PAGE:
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MCDONNELL DOUGLAS MD-82

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MD82
Aircraft
Name MD-82
Manufacturer MCDONNELL DOUGLAS
Body Narrow
Wing Fixed Wing
Position Low wing
Tail T-tail
WTC Medium
APC C
Type code L2J
RFF Category 7
Engine Jet
Engine count Multi
Position Both sides of rear fuselage
Landing gear Tricycle retractable
Mass group 4


Manufacturered as:

BOEING MD-82
MCDONNELL DOUGLAS MD-82
SHANGHAI MD-82


MCDONNELL DOUGLAS MD-82

MCDONNELL DOUGLAS MD-82 MCDONNELL DOUGLAS MD-82 3D

Description

Short to medium range airliner. In service since 1980. MD-80 series: 81, 82 and 88 are very similar in terms of performance. ICAO designators: MCDONNELL DOUGLAS MD-81, MD82 and MCDONNELL DOUGLAS MD-88. Produced until December 1999.

Technical Data

Wing span 32.78 m107.546 ft
Length 45.06 m147.835 ft
Height 9.02 m29.593 ft
Powerplant 2 x Pratt & Whitney JT8D-217A/C (88,96 kN).
Engine model Pratt & Whitney JT8D

Performance Data

Take-Off Initial Climb
(to 5000 ft)
Initial Climb
(to FL150)
Initial Climb
(to FL240)
MACH Climb Cruise Initial Descent
(to FL240)
Descent
(to FL100)
Descent (FL100
& below)
Approach
V2 (IAS) 140 kts IAS 170 kts IAS 290 kts IAS 290 kts MACH 0.75 TAS 440 kts MACH 0.75 IAS 290 kts IAS kts Vapp (IAS) 130 kts
Distance 2052 m ROC 2500 ft/min ROC 2800 ft/min ROC 2000 ft/min ROC 1000 ft/min MACH 0.76 ROD 1500 ft/min ROD 1500 ft/min MCS 210 kts Distance 1585 m
MTOW 6781267,812 kg
67.812 tonnes
kg
Ceiling FL370 ROD ft/min APC C
WTC M Range 20522,052 nm
3,800,304 m
3,800.304 km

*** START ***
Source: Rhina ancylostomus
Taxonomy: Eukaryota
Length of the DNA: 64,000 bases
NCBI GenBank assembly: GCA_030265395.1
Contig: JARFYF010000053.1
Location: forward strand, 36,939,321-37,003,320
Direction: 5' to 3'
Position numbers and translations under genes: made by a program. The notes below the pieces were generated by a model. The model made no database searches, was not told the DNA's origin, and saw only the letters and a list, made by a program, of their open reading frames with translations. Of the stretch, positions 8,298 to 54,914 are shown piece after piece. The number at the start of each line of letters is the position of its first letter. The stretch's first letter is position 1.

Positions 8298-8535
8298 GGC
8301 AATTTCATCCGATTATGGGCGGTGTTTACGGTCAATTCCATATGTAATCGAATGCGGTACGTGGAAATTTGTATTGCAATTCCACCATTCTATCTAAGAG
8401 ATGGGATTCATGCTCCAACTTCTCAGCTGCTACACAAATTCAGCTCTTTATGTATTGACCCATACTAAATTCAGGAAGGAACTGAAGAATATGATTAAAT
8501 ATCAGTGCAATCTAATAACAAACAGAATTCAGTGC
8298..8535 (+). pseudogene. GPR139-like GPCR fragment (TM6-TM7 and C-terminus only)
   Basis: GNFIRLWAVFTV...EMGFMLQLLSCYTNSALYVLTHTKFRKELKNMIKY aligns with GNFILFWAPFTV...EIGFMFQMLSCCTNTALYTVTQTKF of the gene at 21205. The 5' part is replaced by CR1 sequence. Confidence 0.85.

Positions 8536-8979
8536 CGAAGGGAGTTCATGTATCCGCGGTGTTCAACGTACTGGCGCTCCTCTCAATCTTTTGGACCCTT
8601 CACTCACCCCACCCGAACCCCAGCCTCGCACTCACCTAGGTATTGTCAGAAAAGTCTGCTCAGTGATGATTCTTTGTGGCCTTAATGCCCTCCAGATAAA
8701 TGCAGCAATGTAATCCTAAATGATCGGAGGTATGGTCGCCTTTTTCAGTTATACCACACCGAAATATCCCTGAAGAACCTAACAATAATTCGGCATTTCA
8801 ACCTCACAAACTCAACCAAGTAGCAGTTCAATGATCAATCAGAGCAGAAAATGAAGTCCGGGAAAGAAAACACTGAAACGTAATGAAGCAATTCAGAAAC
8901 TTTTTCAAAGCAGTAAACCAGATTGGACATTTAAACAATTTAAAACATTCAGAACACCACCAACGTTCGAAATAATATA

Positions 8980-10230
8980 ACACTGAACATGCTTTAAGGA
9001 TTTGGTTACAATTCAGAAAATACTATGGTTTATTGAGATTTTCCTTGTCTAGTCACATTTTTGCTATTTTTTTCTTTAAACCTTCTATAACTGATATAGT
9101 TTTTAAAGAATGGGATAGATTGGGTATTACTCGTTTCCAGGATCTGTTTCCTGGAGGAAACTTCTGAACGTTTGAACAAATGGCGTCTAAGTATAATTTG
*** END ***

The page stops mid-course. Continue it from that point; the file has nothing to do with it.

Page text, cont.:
12,468,188.985 ft
NM

Accidents & Serious Incidents involving MD82

  • MD82 / A319, vicinity Helsinki Finland, 2007 (On 5 September 2007 in day VMC, an MD82 being operated by SAS was obliged to carry out an own-initiative avoiding action orbit in day VMC against an Airbus A319 being operated by Finnair on a scheduled passenger after conflict when about to join final approach. Both aircraft were following ATC instructions which, in the case of the MD 82, had not included maintaining own separation so that the applicable separation minima were significantly breached.)
  • MD82 / C441, Lambert-St Louis MI USA, 1994 (On 22 November 1994 a McDonnell Douglas MD 82 flight crew taking off from Lambert- St. Louis at night in excellent visibility suddenly became aware of a stationary Cessna 441 on the runway ahead and was unable to avoid a high speed collision. The collision destroyed the Cessna but allowed the MD82 to be brought to a controlled stop without occupant injury. The Investigation found that the Cessna 441 pilot had mistakenly believed his departure would be from the runway he had recently landed on and had entered that runway without clearance whilst still on GND frequency.)
  • MD82 / MD11, Anchorage AK USA, 2002 (On 17 March 2002, at Ted Stevens Anchorage Airport, a McDonnell Douglas MD82 operated by Alaska Airlines, on a night pushback in snow conditions collided with an inbound taxiing McDonnell Douglas MD-11. The MD82 suffered substantial rudder damage although the impacting MD11 winglet was undamaged.)
  • MD82, Copenhagen Denmark, 2013 (On 30 January 2013, the crew of a Boeing MD82 successfully rejected its take off at Copenhagen after sudden explosive failure of the left hand JT8D engine occurred during the final stage of setting take off thrust. Full directional control of the aircraft was retained and the failure was contained, but considerable engine debris was deposited on the runway. The subsequent Investigation concluded that a massive failure within the low pressure turbine had been initiated by the fatigue failure of one blade, the reason for which could not be established.)